Beech and stone Pine, the Italian landscape modelled by valuable ritual trees

Alessia Masi;Fanny Gaveriaux;Lucrezia Masci;Claudia Moricca;Laura Motta;Cristiano Vignola;Laura Sadori
2021

Abstract

Beech (Fagus sylvatica L.) and stone pine (Pinus pinea L.) are quite different trees, at present widespread in Italy, the first often in primeval forests, the second in monospecific artificial coastal woods. The modern Italian beech population can be distinguished genetically from the north European one, and spread from few refugia located in central and southern Italy (Magri et al., 2006, New Phytologist, 199-221). In contrast, the genetic variability of stone pine is extremely low, making the reconstruction of its spread in the Mediterranean region quite complicated (Viñas et al., 2016, European Atlas of Forest Tree Species, 130- 131). The archaeobotanical record indicates the arrival of stone pine early in the Iron Age, while beech seems to have been preserved outside its natural distribution area. Besides the economic importance of the two trees, the ritual meaning of both plants must be taken into account. According to available data, the oldest recovery of stone pine is at the Phoenician site of Motya (Sicily) where macroremains date back to the period between the mid-8th cent. and the mid-6th cent. BC (Moricca et al., 2021, Vegetation History and Archaeobotany, 1-15). The hypothesis that Phoenicians and Punics played a major role in the spread of stone pine is confirmed by the recovery of pine cones and shells at Santa Giusta (Sardinia) during the 6th–2nd cent. BC, and later on in 3rd–2nd cent. BC (Sabato et al., 2019, Vegetation History and Archaeobotany, 9-16). Pine pollen probably ascribable to stone pine is found since Roman times at Pompeii (Vignola et al., 2021, Vegetation History and Archaeobotany, 1-16) from the 1st half of the 1st cent. BC, and in the city of Rome at the Horti Lamiani since the end of the 1st cent. BC (Masi and Vignola, unpublished data), and at the Roman villa in via De Lollis (Sadori and Masci, Palladium, 2019) in the 4th cent. BC and in the 3rd cent. AD. Stone pines are well known to have been important as ritual, votive and funerary plants. The presence of beech in the Italian peninsula is widespread, being this tree a component of the altitudinal forest. In Tuscany, pollen and macroremain records indicate a spread of Fagus at low altitude, possibly from the late Bronze to early Iron Age (Sadori et al., 2015, Review of Palaeobotany and Palynology, 217-230). Coeval attestations arrive from Umbria, Marche and Latium regions with recoveries from Lago Trasimeno (Angelini et al., 2014, Plant Biosystems, 713-722) Monte Croce-Guardia (Arcevia) and Casale Rocchi (Rome; Vignola et al., unpublished data). At Gabii between the end of the 8th and the end of the 6th cent. BC fragments of beech charcoal have also been recovered. In all these sites, beech timber was found outside its present distribution area. Quite interesting, is the finding of both pollen and macroremains in the city of Rome. Charcoals have been recognized in the open area of the Horti Lamiani since the end of the 1st cent. BC. The tree was probably present among other taxa planted in the gardens. A single beech pollen grain was recovered at the Roman villa in via de Lollis in Rome, dated to the 4th century BC, in an area sacred to Jupiter. At the moment this is the oldest evidence of beech pollen in Rome and a confirmation of written sources that reported the presence of sacred beech groves, named by Latins Lucus Fagutalis.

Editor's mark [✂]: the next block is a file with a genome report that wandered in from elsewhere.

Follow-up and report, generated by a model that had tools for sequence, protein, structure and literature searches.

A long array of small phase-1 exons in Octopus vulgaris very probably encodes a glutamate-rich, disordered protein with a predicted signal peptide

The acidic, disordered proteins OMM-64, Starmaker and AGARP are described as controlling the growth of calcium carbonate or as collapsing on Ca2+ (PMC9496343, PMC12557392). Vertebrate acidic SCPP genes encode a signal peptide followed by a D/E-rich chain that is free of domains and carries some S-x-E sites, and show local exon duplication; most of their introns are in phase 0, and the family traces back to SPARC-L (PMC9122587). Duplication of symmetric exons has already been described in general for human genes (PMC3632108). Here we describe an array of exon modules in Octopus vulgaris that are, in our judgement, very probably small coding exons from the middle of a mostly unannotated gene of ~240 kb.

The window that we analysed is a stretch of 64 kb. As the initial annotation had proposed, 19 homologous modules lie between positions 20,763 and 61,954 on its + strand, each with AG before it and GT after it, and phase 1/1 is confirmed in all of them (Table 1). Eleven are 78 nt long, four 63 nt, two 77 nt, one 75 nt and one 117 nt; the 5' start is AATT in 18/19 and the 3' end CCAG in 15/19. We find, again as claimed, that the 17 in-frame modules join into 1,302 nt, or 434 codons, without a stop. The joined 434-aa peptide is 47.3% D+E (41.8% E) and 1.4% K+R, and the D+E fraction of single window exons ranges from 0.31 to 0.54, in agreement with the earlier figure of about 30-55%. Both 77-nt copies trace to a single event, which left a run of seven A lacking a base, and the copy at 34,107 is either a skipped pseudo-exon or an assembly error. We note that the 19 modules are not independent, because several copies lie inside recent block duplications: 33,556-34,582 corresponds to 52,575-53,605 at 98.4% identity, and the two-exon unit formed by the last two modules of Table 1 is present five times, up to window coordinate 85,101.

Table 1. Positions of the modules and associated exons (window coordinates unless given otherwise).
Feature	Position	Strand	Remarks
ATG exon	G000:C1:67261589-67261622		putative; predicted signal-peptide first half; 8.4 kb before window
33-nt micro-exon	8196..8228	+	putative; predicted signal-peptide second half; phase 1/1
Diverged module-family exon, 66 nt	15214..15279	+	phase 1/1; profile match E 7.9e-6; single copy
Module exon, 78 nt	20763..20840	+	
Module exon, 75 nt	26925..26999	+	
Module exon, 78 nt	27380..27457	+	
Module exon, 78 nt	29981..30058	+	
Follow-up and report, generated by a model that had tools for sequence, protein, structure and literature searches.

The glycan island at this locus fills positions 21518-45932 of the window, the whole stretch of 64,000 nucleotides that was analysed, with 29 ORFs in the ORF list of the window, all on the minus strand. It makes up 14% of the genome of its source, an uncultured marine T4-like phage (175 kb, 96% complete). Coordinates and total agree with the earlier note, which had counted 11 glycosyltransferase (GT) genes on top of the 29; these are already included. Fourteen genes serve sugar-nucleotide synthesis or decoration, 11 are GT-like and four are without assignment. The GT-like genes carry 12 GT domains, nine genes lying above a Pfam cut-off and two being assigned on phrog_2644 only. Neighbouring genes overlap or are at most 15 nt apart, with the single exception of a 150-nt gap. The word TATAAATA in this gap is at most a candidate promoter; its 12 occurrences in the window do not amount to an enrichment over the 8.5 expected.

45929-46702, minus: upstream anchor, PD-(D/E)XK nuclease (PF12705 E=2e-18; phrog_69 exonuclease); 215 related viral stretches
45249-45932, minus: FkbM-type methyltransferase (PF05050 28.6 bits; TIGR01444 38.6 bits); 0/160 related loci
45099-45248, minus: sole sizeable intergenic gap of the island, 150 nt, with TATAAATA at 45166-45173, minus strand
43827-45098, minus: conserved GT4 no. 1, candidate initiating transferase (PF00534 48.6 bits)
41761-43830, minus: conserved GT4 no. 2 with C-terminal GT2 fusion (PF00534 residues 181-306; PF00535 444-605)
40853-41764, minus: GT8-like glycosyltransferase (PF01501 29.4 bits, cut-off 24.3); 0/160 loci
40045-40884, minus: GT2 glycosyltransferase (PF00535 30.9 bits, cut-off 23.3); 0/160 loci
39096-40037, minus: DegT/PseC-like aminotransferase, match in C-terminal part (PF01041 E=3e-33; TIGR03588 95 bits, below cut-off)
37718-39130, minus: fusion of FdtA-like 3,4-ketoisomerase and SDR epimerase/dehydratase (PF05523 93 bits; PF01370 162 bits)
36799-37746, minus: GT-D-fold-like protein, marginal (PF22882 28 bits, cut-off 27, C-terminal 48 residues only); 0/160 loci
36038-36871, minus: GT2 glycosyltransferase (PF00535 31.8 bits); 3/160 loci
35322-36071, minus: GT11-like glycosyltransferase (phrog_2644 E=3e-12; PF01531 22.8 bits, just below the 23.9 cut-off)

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Utilizza questo identificativo per citare o creare un link a questo documento: https://hdl.handle.net/11573/1568145